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The Credit Services Association (CSA)
Blog: The debt collection sector’s five most important developments of 2015
Peter Wallwork is CEO of the Credit Services Association.
2015 has been a year of significant progress and achievement for our industry and much has been achieved in a landscape for debt collection that has changed irrevocably.
Our new-styled annual event - the UK Credit and Collections Conference (UKCCC) - provided a forum for serious debate about the key issues and challenges that have dominated the year and will continue to exercise our minds and judgment in the months ahead. To sum up 2015, we have identified the five key developments that will shape debt collection practices in 2016 and beyond.
- Reducing stress and hassle for customers
As an industry, we have been looking at practical ways to improve the customer journey this year, with a CSA Working Party dedicated to exploring the Income and Expenditure debate and the opportunity for a one-stop portal to reduce the amount of time that customers spend sharing financial circumstances over the phone.
As the debt collection sector’s UK trade body, we’ve also been a proactive thought leader on issues around working with vulnerable customers in 2015. The debate and challenges around dealing with the most vulnerable in our society has significantly moved on this year, with an acceptance that vulnerability is not something that can easily be defined or measured via a ‘tick box’ exercise. It requires in-depth customer engagement and understanding. In addition to introducing members to the British Standard on Inclusive Service Provision, and sharing the FCA’s Paper No 8 on Consumer Vulnerability, we also made the issue a key theme of our conference and member communications throughout the year.
- Raising the bar for industry best practice
Our work with industry regulator the Financial Conduct Authority (FCA) is ongoing and the announcement that debt collection and debt purchase will not directly feature in the FCA Thematic Review, and therefore is not seen as an area of risk, was very welcome. This has prompted a further review of our Code of Practice and a specific Working Party has been established to look at a new Trace Code of Conduct and Principles of Trace. We also have a Working Party dedicated to the development of Best Practice Guidance on the withdrawal of paying portfolios, and recently launched a Model Contract as a benchmark of good practice in drafting contracts in the new regulatory environment.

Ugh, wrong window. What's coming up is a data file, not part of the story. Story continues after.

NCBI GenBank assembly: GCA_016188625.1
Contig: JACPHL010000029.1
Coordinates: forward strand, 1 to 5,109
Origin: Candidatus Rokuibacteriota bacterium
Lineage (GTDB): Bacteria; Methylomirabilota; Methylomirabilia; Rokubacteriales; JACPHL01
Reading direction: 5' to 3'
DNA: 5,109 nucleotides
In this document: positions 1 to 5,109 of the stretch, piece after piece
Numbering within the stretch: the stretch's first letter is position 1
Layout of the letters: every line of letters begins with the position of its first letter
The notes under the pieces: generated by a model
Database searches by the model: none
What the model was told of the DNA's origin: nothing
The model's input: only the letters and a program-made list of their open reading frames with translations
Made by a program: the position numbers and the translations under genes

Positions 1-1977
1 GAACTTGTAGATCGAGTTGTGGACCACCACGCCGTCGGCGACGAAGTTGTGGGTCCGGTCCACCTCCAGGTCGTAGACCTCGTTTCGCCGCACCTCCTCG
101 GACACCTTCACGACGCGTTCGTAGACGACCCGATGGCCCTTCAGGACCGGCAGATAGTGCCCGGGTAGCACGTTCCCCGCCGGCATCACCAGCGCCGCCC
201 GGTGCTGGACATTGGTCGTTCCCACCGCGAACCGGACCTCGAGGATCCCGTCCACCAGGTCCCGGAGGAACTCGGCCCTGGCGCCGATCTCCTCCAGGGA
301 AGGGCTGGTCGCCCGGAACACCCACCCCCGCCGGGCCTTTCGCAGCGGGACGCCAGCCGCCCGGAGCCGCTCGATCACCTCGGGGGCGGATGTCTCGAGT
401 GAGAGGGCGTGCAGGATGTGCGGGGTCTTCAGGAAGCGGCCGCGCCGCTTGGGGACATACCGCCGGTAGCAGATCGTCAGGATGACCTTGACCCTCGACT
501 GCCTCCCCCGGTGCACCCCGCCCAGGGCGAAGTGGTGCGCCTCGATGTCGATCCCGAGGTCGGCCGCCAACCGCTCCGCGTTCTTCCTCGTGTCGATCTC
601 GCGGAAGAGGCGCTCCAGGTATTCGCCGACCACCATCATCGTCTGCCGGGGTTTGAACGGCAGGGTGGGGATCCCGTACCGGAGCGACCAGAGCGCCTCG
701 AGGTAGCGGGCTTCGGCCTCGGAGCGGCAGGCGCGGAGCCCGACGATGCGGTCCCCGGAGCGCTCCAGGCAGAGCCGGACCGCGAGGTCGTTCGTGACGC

- Dispelling myths around debt collection
We are particularly excited about two key pieces of work we are doing collaboratively with the FCA on Affordability and Due Diligence. Both will help us dispel some of the myths which are associated with our sector, provide guidance and clarification where needed and answer questions on some of the grey areas of interpretation. This is an important role for us to play in improving customer and stakeholder engagement for the benefit of all.
- Ensuring compliance is not at odds with achieving the best customer outcome
We have lobbied for a rethink of two big proposed regulatory challenges this year, after identifying that they would not only adversely affect the way our members do business but also adversely affect customers.
Although there are still areas of concern around the new EU Data Protection Regulation, there is no doubt that the CSA and its partners in Europe have caused the bureaucrats to pause and rethink, and the ultimate outcome will be better informed as a result. We have also ensured that our members have been briefed throughout, and our communications and lobbying recognised with a prestigious industry award.
We also worked with the water industry regulator to rethink its decision to only use FCA regulated debt collection agencies. We highlighted that our ‘unregulated’ members that specialise in the water industry like Orbit Collections, (who are exempt from FCA authorisation because they are not financial services focused), are actually much better placed to work with customers and adhere to the same standards, despite not being obliged to comply. This helped to clear up an otherwise confused picture that could have been detrimental to many customers.
- Bringing the industry up to speed with the latest standards
Education, knowledge and development has been another key theme of 2015. We continue to offer up-to-the-minute blended learning and development solutions through our Level 2 & Level 3 Diplomas in Debt Collection, a Level 5 Diploma in Compliance Risk Management and also our Collector Accreditation Initiative (CAI) that has recently passed a significant milestone. The number of tests taken has now exceeded 20,000, with more than 80% of participants achieving a pass. Some 90 companies are taking part in the scheme, comprising 5,500 employees across the whole sector including the banks.
Next year will see our efforts concentrated on developing more online options and funding opportunities to members and the development of further learning career pathways. All of this helps to ensure not only that industry standards are high but that debt collection practice is as current and relevant for the customer as possible.
We are already looking ahead to next year to ensure that whatever the challenges 2016 has in store for our industry, the CSA will be at the heart of the debate.